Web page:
Usually, I think "have to" indicates obligation, which is pretty similar to "must". But today I found this sentence and its usage of "have to" confused me: (it is from NYTimes.com)

Long-term forecasts seem to me rather like time capsules, designed more to provide retrospective amusement for those who eventually have to read them, than to be taken seriously as they are first uttered.

It would be uncomfortable to interpret have to as must since we are not "compelled to read them".

Can anybody explain this for me?

2 Answers 2


And yet this kind of "have to" is similar to being compelled to read them. Apparently this reading is unpleasant; that is why "have to" is used.

Whenever you are doing something you do not like, it is assumed that you "have to" to do it: why else would you be doing it? This "compelling" may not be literal: a long-term goal may be compelling; there may be compellings reasons or arguments, etc. based on which you feel you "have to" do something. Compare this example, with the even stronger word "to force":

Once it dawned on me that the author had been using the word "compelling" in a very unusual way, I was forced to reread the whole paragraph, because it seemed nonsense the first time I read it.

Here the word "forced" is used in the same, non-literal way: I was not actually forced by brute force, but rather "incited, moved" to reread it, by my desire to understand the paragraph.

  • But the author said it "provide retrospective amusement", so I think there should not be less obligational feelings, but rather recreational. So it would be better if "have to" is changed to "happen to". What do you think?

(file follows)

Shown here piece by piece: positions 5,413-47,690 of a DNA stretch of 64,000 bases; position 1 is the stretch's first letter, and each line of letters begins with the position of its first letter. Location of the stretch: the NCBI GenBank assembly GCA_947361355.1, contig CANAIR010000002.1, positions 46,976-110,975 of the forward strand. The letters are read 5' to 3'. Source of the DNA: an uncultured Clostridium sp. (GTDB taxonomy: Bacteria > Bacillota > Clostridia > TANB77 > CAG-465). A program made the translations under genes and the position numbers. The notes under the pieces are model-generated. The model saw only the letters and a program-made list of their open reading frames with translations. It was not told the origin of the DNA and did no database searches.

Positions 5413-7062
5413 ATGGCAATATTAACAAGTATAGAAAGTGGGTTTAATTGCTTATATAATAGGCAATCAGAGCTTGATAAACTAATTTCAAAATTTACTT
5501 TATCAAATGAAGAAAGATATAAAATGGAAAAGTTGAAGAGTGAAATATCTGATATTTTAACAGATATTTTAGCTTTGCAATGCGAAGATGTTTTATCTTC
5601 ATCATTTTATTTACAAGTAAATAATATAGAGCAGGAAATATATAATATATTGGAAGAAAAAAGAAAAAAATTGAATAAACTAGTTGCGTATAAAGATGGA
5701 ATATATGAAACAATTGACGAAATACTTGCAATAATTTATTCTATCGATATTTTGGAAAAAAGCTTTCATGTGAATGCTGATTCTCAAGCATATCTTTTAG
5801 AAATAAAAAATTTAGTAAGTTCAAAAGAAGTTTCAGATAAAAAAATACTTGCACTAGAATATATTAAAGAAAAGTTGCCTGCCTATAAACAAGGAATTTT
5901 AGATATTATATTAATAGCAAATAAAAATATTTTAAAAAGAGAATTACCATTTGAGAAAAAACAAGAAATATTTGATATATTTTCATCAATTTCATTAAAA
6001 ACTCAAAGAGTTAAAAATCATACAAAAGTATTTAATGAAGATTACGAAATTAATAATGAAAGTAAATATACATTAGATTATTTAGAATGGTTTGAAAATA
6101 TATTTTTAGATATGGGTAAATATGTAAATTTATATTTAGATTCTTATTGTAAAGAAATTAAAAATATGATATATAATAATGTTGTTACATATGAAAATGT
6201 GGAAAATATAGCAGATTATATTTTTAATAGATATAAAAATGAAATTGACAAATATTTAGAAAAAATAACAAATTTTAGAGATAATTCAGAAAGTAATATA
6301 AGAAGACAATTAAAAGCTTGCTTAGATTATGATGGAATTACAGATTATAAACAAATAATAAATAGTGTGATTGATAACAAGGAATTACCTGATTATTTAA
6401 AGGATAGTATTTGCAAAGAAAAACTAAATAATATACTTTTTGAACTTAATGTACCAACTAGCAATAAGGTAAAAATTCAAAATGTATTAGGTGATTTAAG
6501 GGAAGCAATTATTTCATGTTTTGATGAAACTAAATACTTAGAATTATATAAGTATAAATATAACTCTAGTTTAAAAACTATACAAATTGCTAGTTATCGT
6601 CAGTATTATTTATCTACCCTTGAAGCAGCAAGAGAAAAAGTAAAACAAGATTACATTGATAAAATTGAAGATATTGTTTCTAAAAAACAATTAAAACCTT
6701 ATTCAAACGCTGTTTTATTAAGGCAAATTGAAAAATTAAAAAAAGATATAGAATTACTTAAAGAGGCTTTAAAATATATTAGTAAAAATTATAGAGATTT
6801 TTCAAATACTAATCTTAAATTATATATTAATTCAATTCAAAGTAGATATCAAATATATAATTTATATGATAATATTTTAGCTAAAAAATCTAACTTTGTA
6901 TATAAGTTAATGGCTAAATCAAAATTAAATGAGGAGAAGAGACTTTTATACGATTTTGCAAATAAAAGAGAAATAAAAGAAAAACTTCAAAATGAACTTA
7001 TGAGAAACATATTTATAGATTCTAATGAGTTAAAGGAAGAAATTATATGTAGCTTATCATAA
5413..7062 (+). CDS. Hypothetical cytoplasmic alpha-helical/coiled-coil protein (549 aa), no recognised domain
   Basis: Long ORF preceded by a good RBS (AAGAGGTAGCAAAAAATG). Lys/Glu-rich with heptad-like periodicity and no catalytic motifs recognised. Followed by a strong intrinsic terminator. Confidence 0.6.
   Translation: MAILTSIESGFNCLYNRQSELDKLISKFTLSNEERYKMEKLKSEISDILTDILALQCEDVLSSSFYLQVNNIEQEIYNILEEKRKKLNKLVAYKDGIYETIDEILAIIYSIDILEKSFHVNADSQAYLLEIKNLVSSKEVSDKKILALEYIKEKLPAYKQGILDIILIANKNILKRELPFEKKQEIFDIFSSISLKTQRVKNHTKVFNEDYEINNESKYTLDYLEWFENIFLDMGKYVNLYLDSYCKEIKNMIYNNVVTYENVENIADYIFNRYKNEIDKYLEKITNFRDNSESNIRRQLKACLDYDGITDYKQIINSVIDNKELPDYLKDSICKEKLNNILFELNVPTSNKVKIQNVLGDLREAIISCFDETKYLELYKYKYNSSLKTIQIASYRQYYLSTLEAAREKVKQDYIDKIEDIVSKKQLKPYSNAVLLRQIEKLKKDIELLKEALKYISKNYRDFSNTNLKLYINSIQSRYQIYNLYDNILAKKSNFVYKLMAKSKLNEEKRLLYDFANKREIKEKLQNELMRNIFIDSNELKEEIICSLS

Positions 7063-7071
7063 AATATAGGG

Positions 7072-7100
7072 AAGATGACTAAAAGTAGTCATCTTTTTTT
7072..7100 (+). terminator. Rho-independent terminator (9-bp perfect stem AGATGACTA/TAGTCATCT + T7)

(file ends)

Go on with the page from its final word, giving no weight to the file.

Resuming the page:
– xzhu
    Mar 3, 2011 at 13:00
  • 3
    You could change it to "happen to": that would take away any sense of obligation/displeasure. But perhaps the author wanted to create an impression of a bored future clerk having to go through all these time capsules from the past. Or instead of bored he might be appalled, because the forecasts are so unreliable. In that case it would lighten the clerk's burden if the forecasts were so ridiculous as to make him laugh to tears, like a very bad play. The author means that the forecasts are not merely unreliable but even ridiculous in their wrongness. That is how I'd interpret your quote. Mar 3, 2011 at 13:27
  • So much thank you for your patience, I'm totally illuminated.
    – xzhu
    Mar 3, 2011 at 13:34

Yes, this “have to” has the meaning of “are compelled to” or “are forced to”. In the context, the readers may not be compelled by law or their actual obligations, but by other reasons such as a need.

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